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20 June 2013

Churches and local authorities working together

Churches and local authorities working together

The Faith in the Community report demonstrates the strength and success of relationships between local authorities and faith groups across Great Britain. However, it also shows the need for more work to be done to ensure the most is made of these relationships and barriers that might limit interaction are overcome.

Launched by Christians in Parliament and the Evangelical Alliance last week the report follows a survey of local authorities in England, Scotland and Wales. It illustrates the range of activities provided by faith groups – from dog training, astronomy classes and anger management to running libraries and post offices. Franchised church based services such as food banks, debt advice centres and Street Pastors were noted in most towns and cities. Many local authorities acknowledge that faith groups make their neighbourhoods better places.

Dr John Sentamu, the Archbishop of York, said in his foreword to the report: "Building strong working relationships between local authorities and religious communities should not be based on mere 'tolerance'. It should be about talking, listening, and growing together. Together, working in unity of spirit, we are stronger than when we try to do things in isolation."

Councils commented on the ability of churches to reach the furthest corners of some of the nations' most deprived communities. Their ability as well as that of other faith groups to mobilise volunteers in a way that other parts of society might not was also noted, as was the valuable physical presence of buildings for wider community use. And their faith matters too. Several responses specifically noted the way beliefs motivated action and made churches obvious partners in their work.

The biggest barrier for local authorities is fears and perceptions about what faith groups might do. Local authorities expressed concerns that services might be offered exclusively to people of their faith, they thought faith groups might be against equality and they thought they might evangelise. But, as North Yorkshire County Council commented: "Generally, all of these perceptions are false or can be overcome through discussion and better understanding of each other – but they do create barriers."

Gary Streeter, MP for Devon South West and chair of Christians in Parliament commented in a piece for the Sunday Telegraph: "Faith groups and other community bodies are more important than ever. Especially faith groups, because they are the people who are most visibly committed to working in their communities and serving those around them. They are the people who turn up before funding begins and stay after grants are cut. They are not the state, and they are not to be co-opted by the state, but without them society would be a poorer place."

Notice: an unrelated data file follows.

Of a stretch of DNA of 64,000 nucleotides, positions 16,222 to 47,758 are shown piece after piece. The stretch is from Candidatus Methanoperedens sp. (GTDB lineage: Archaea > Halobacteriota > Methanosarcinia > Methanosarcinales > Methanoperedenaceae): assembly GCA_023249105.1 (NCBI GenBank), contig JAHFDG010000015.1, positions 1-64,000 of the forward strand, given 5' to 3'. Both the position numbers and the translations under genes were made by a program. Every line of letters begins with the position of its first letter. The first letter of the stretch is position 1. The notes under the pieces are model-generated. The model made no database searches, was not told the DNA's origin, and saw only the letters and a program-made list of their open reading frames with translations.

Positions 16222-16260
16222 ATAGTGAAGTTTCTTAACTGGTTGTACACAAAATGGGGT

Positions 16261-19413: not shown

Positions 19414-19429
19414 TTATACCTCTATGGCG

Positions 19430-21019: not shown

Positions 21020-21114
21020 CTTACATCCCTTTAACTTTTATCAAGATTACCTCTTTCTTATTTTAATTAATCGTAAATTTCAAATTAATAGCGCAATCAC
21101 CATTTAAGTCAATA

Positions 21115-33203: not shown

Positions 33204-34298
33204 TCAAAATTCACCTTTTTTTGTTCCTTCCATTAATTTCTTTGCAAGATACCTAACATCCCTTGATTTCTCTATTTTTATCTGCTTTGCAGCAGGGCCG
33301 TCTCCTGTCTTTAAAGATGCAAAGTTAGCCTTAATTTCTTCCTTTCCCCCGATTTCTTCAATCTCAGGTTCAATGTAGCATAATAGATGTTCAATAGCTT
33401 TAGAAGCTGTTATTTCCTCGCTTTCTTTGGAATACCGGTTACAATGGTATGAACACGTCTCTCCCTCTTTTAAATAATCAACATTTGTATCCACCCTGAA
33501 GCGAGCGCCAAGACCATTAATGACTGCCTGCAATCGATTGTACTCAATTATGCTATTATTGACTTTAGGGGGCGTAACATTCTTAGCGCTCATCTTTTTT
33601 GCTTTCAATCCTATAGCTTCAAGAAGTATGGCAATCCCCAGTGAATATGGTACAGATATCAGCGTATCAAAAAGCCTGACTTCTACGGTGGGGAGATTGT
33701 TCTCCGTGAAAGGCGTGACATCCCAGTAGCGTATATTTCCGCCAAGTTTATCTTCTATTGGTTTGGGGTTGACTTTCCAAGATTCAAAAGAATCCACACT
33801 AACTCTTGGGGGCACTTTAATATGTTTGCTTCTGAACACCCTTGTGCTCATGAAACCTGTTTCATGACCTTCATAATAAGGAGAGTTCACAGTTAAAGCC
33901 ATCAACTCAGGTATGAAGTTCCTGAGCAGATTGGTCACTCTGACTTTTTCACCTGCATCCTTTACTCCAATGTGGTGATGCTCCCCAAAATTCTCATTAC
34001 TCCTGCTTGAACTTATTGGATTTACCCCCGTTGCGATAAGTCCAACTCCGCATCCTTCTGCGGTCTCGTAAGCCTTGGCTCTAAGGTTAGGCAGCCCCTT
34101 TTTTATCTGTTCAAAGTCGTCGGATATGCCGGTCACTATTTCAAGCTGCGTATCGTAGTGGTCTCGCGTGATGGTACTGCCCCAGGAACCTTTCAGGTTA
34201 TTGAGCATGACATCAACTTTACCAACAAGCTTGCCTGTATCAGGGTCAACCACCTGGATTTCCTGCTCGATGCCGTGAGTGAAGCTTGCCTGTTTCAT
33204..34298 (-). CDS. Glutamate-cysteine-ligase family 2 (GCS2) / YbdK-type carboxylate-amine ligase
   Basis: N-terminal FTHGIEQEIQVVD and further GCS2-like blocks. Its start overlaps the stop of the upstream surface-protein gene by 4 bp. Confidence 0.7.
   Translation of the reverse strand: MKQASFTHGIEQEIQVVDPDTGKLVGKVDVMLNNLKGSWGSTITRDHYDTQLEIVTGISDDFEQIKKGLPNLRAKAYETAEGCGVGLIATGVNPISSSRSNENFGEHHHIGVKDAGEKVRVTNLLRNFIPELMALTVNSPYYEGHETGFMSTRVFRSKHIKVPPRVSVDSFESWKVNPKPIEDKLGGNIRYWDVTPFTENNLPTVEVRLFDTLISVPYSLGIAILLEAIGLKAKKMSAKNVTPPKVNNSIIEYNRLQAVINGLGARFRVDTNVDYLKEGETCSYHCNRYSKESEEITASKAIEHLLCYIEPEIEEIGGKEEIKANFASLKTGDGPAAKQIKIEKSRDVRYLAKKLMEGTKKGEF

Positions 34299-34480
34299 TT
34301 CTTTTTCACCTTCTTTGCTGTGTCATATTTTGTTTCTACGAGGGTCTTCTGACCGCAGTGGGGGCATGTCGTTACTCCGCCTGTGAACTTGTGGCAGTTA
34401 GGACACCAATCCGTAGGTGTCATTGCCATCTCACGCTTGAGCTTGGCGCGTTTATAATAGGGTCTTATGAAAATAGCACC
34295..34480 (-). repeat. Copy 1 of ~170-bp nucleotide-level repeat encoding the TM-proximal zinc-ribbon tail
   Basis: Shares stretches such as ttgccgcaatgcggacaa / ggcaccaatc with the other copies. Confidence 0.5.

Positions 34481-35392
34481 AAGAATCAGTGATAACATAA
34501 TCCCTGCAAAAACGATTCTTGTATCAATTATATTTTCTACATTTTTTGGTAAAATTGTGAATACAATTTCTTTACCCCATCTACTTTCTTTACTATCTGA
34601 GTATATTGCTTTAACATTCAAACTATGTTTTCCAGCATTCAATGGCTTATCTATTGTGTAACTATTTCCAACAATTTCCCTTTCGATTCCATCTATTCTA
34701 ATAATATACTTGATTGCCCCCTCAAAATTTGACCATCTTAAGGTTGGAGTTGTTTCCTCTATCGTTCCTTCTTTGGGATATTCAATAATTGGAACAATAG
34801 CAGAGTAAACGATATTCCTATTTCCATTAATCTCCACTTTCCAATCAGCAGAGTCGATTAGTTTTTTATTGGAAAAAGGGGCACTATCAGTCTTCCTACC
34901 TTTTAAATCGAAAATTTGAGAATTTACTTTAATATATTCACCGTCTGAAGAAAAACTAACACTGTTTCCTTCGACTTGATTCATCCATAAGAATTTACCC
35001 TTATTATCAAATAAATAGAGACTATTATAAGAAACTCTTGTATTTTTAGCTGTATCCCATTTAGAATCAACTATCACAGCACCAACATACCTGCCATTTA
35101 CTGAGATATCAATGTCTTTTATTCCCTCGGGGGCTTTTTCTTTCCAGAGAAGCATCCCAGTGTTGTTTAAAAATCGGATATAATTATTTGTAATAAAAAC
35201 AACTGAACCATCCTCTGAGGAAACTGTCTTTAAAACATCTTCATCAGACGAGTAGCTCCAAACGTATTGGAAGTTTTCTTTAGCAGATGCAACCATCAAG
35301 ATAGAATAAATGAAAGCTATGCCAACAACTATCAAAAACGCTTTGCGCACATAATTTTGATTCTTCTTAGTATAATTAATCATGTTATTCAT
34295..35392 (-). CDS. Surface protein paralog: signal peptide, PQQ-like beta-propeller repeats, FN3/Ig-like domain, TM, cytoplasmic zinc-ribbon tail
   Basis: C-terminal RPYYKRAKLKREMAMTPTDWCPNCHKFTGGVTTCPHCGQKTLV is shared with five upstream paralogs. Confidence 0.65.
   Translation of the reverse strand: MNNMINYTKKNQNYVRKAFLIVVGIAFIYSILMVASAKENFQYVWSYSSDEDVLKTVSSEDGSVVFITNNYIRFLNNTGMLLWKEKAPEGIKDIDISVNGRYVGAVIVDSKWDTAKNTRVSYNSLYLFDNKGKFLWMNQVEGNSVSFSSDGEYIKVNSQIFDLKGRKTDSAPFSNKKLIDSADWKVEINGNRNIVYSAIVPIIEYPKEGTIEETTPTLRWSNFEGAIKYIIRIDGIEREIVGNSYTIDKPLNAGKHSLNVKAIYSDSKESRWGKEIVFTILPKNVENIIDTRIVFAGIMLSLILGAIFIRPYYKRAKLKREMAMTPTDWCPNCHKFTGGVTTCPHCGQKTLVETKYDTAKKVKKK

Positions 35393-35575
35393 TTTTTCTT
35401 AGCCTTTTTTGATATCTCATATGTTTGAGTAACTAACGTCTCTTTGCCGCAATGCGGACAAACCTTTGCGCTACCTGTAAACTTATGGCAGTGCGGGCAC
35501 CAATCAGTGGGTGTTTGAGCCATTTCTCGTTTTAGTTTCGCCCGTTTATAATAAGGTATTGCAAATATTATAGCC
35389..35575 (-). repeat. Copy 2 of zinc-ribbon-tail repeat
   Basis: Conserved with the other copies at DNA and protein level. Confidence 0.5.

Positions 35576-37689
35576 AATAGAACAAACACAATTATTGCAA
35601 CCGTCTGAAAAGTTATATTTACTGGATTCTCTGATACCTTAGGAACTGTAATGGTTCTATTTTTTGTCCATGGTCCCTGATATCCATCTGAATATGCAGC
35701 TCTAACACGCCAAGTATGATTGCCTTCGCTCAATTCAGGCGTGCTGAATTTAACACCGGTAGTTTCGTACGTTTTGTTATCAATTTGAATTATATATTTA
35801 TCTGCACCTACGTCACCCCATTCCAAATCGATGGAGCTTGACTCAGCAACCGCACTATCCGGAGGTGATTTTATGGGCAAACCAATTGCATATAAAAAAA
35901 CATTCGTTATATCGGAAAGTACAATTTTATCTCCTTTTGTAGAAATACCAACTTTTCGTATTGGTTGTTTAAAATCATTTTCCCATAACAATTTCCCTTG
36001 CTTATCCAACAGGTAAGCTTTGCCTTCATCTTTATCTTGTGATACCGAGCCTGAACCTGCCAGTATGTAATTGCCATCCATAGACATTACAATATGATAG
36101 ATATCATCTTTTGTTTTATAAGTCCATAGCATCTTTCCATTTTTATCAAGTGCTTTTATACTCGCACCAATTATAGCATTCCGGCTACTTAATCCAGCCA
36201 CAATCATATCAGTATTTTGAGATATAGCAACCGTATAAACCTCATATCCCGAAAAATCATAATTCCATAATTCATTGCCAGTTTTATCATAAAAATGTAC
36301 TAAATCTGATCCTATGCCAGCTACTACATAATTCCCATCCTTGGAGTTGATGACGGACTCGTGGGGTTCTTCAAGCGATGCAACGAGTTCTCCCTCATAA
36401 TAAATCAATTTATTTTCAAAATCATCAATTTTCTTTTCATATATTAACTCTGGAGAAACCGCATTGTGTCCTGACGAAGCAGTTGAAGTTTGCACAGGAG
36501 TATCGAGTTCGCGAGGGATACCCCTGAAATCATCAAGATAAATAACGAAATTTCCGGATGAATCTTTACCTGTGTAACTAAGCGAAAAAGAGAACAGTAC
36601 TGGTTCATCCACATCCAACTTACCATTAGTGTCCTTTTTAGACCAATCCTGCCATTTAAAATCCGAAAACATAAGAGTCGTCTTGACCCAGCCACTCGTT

In the coming months the Evangelical Alliance will continue this work to help churches relate with their local authorities. Working with the Department of Communities and Local Government we will bring together church leaders and senior local government officials to work through the findings of the report, and out of this we will produce a resource to equip and encourage churches. There are incredible opportunities for churches to contribute to the well-being of their communities, serve their neighbourhoods, and work out the good news of the gospel for those around them. This autumn consultation events will take place to bring together church leaders and senior members of local authorities to discuss the benefits and barriers and see how partnerships can be strengthened to be more fruitful in the future. Following these events a resource specifically targeted at helping churches develop their engagement with local authorities will be produced.

Gavin Shuker, Labour MP for Luton South, commented: "Nationally, this government fails to provide much needed guidance to local authorities on how they should develop religious literacy and work more with faith groups. If they are serious about nurturing society, and not just the state and the market, they need to do a lot more to understand the faith groups active at the heart of it."